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ASCHENBACH: Disappointment at Road America

Lawson Aschenbach files his latest Sportscar365 column following a frustrating weekend at Road America…

Photo: PWC

Double DNFs are a driver’s worst nightmare. You’re prepared, focused, and willing to do whatever it takes to win when you start a race, but sometimes things are out of your control. That’s important to remember when you fail to finish.

If you left everything out on the track and never gave up at any point, then you’ve achieved what a lot of drivers fail to accomplish. Rather than complaining and sulking about the actual result, you need to look at the bright side… the little moments of success that showcased your true abilities.

The Road America Pirelli World Challenge weekend was quite possibly one of the most frustrating and disappointing events in my entire career. Let’s review:

Final practice crash due to a suspension issue…

Missed qualifying…

Hard drive from 24th to 6th in a handful of laps during Race 1…

Hit after making a pass that resulted in a pit stop and end of our race…

Went from fourth to first in three corners at the start of Race 2…

Encountered an issue on Lap 2 that saw us fall back…

And ultimately retired with 10 minutes left…

Not fun, but that’s racing! This sport can make you feel like you’re on top of the world and then pull the rug out from under you at any moment. It’s cruel, but that’s why wins are that much sweeter.

It’s easy to blame the car, team, other drivers or the bird that flew past you heading into Turn whatever, but let’s face it; sometimes things are completely out of your control. This brings me back to the main point: You can only control what you do as a driver, nothing else!

When I look at the list above, the two things that stand out are going 24th to sixth and fourth to first. I’m proud of those moments. No need to dwell on the negative!

More importantly, thanks to Chevrolet and Pratt & Miller for building a strong Camaro GT4.R. I’m thankful that they put so much effort into building safe cars for racing. The engineering and thought that goes into every race car produced gives you the confidence to drive to the limit because you know you are protected.

Also, a massive thank you to Blackdog Speed Shop for thrashing to fix the car from final practice to Race 1. That was a big task and the guys did everything in their power to make it happen. I’m honored to drive for this team and appreciate all the hard work and dedication they bring week in and week out.

Moving on, I’ve got a few random notes:

***After stopping on track in Race 2, I got a rare moment to sit and talk with two corners workers in Turn 13. We had a good chat and a few laughs, but the funny thing was they both agreed they needed to stock their cooler with beer for stranded drivers the next race! Hopefully I don’t see them again (due to a wreck or a mechanical), but at least I know they will be prepared. HA!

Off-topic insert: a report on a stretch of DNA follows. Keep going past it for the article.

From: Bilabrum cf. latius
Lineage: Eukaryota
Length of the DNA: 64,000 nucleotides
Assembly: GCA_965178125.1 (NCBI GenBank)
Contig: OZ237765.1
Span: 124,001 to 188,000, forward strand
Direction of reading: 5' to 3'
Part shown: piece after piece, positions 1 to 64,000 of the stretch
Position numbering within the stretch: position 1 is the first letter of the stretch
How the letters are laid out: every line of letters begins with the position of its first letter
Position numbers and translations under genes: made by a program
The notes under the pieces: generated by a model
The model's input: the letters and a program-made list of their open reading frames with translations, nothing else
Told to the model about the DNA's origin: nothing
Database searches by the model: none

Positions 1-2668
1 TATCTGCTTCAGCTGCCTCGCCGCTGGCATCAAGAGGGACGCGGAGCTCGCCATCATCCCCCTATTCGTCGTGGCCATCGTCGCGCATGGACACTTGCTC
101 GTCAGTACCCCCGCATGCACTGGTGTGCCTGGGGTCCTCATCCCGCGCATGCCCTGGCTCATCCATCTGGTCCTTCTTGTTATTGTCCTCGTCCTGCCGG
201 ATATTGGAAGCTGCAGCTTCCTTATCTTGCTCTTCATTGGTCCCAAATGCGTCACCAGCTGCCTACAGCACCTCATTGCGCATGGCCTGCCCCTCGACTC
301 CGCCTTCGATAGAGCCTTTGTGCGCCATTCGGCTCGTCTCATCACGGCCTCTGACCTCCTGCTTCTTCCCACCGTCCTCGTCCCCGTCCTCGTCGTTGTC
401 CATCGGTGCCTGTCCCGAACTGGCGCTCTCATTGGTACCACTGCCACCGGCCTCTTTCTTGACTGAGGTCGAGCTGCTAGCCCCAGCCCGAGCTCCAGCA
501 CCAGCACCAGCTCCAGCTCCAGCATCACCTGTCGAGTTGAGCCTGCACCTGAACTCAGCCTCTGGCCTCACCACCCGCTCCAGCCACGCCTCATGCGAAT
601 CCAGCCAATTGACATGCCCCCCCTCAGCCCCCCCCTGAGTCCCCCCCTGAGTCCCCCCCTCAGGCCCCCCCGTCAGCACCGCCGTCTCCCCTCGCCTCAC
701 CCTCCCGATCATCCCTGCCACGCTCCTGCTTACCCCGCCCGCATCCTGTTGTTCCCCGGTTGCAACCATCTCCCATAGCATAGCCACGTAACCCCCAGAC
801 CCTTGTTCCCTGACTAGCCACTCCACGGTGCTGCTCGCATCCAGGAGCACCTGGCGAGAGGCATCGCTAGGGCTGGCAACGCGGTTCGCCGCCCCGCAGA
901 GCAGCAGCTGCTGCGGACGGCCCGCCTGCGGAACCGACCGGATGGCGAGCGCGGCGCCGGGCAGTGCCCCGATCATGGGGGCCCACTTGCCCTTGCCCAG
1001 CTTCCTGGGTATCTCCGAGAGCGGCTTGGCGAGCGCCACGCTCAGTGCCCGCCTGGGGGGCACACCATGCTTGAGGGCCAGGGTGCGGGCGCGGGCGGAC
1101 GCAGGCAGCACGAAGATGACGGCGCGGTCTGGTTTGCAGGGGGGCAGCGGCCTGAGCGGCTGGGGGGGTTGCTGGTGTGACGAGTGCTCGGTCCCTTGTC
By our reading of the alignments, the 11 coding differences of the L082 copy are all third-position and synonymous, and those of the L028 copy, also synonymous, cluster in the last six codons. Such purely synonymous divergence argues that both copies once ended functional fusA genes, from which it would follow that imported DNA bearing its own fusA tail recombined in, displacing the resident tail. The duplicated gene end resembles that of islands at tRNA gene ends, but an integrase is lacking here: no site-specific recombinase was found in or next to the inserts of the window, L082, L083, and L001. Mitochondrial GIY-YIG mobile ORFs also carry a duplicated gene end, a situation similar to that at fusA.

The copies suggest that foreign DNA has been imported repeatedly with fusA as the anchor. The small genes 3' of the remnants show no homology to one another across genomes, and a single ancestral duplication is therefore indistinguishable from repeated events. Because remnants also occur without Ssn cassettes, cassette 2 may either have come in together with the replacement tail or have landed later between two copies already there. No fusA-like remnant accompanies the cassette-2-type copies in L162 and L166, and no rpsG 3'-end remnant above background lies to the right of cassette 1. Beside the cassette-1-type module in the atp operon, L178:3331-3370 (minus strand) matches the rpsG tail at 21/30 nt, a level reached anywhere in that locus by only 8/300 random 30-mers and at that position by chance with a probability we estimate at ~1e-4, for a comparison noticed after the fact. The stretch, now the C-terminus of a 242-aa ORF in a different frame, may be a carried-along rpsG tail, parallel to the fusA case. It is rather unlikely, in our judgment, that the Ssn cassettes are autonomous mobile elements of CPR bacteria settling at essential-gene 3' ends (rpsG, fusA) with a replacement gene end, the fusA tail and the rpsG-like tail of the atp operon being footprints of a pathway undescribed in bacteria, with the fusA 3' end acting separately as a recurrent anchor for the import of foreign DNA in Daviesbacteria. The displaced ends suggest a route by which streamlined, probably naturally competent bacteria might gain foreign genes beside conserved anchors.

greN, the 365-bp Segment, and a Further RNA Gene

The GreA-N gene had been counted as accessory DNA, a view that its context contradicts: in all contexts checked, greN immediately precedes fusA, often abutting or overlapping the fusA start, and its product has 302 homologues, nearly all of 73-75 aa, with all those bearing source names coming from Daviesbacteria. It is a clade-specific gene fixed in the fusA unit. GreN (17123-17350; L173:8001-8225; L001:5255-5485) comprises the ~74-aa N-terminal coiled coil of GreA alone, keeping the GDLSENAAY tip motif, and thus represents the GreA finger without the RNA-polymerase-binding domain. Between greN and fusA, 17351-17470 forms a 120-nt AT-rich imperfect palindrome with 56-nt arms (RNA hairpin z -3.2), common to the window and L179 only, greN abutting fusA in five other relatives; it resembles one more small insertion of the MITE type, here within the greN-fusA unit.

***There were a high number of incidents during both races. Sadly, the constant crashing and yellow flag laps are becoming more of the norm. The driving standards need to be brought to a higher level. A few drivers brought up great points that tougher penalties need to be introduced. I agree, along with more fines to make people think twice.

***In another point of hilarity, while I was sliding toward the wall on the exit of Turn 1, somehow I keyed the radio! That allowed the team to hear, “NO…NO…NO…NOOOOO… SH!#!” It feels like the world slows down to a crawl when you know you are going to crash. That last second feels like eternity, but it also allows you to prepare yourself for the destination… concrete wall!

***On a serious note, desperation is becoming more noticeable during races where people are continuing to drive beyond their limits to make “miracles” happen. These “miracles” are causing massive wrecks and dangerous situations. Here is a thought: most of the issues happen, or start, in brake zones. Maybe we should eliminate ABS so drivers have a harder time throwing cars into brake zones?

***In the end, racing is dangerous. You will crash, sooner or later. It happens to all of us, but we are all fortunate that safety is a priority for manufacturers and series. I want to personally thank everyone that has a hand in making racing a safe, exciting sport for the fans!

Lawson Aschenbach (@lawsonaracing) is a former Continental Tire SportsCar Challenge and Pirelli World Challenge champion, driving for Blackdog Speed Shop in Pirelli World Challenge and Michael Shank Racing in the IMSA WeatherTech SportsCar Championship.


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